The Composition and Energy Spectra of High Energy Cosmic Rays
S. P. Swordy
University of Chicago, Chicago, USA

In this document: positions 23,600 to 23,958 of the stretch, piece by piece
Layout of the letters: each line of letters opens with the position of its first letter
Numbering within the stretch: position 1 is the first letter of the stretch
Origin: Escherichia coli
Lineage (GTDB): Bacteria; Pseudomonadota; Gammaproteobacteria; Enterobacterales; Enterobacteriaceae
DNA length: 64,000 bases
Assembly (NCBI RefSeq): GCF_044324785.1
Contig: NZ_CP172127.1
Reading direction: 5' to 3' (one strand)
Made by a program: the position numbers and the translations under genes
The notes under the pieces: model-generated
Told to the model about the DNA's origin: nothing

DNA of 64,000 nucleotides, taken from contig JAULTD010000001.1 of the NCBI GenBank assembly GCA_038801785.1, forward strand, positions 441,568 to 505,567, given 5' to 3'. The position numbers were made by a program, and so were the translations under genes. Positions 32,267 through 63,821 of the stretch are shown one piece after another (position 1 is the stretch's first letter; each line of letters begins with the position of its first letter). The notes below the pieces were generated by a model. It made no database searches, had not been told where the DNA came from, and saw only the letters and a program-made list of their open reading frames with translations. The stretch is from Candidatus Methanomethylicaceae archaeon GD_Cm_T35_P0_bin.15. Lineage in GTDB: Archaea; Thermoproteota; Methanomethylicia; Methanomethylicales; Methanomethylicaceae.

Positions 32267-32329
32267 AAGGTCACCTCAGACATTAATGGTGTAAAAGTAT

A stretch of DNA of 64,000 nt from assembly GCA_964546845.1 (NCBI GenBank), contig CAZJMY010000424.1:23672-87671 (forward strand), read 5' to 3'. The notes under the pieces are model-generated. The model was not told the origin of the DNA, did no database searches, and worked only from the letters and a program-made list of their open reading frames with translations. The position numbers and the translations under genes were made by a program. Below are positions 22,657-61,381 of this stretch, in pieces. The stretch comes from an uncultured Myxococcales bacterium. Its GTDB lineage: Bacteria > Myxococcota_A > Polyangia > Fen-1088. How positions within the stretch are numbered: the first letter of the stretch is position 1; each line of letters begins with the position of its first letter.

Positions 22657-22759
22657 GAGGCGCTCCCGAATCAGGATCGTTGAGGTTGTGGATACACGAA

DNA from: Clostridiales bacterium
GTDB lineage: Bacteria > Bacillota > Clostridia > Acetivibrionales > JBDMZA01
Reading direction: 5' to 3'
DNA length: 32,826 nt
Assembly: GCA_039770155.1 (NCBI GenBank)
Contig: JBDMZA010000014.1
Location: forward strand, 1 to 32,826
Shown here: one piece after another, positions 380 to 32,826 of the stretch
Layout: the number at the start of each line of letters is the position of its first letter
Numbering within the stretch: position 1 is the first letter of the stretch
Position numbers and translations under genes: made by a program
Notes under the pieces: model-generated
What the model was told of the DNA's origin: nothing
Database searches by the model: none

The existing paradigm of the origin of galactic cosmic rays places strong supernovae shocks as the acceleration site for this material. However, although EGRET has reported evidence for GeV gamma rays from some supernovae, it is still unclear if the signal is produced by locally intense cosmic rays. Recent observations at TeV energies have not managed to detect the emission expected to be produced by an enhanced hadronic cosmic ray density near these objects. Although non-thermal x-ray emissions have been detected and interpreted as synchrotron emission from locally intense electrons at energies up to ~100TeV, these results seem inconsistent with the electron source spectrum inferred by direct measurements. It remains the case that simple energetics provide the most convincing argument that supernovae power the bulk of the observed cosmic rays. The extent to which these issues can be supported by direct observations of high energy cosmic rays will be examined.